Occupational risk of infection with human immunodeficiency virus

Surg Clin North Am. 1995 Dec;75(6):1057-70. doi: 10.1016/s0039-6109(16)46781-2.


The risk of HIV infection in surgical settings is a composite of overlapping risks related to the local prevalence of HIV, the route of exposure to HIV-infected blood, and the susceptibility of the worker. Studies continue to suggest that the risk of blood contact, including percutaneous injuries, remains appreciable. Prevention of such exposures in the operating and delivery room by adoption of safer instruments, work practices, and techniques and by the consistent use of appropriate personnel protective equipment must be viewed as a priority.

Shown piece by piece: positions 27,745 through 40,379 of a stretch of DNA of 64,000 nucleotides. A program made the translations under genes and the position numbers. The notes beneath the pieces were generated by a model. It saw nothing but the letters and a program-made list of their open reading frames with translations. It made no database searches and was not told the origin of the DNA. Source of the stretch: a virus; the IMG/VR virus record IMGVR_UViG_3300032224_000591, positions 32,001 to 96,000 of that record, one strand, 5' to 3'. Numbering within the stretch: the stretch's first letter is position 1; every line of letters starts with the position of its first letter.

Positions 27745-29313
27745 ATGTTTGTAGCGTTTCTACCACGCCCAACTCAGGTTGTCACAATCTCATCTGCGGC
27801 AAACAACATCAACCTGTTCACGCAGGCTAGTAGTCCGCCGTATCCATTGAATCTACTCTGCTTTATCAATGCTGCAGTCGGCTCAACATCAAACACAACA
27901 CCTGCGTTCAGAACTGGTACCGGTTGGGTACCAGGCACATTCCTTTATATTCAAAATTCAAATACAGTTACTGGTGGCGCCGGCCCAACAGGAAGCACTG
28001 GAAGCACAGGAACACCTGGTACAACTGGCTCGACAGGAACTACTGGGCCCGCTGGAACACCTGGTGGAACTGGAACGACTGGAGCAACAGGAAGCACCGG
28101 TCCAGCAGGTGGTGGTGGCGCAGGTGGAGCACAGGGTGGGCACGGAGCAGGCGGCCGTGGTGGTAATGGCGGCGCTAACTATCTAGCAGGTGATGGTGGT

Publication types

  • Review

MeSH terms

  • Acquired Immunodeficiency Syndrome / epidemiology
  • Acquired Immunodeficiency Syndrome / transmission
  • HIV Infections / epidemiology*
  • HIV Infections / transmission
  • HIV Seroprevalence
  • HIV-1*
  • Health Personnel
  • Humans
  • Infectious Disease Transmission, Patient-to-Professional
  • Occupational Diseases / epidemiology*
  • Occupational Diseases / etiology
  • Risk Factors
  • United States / epidemiology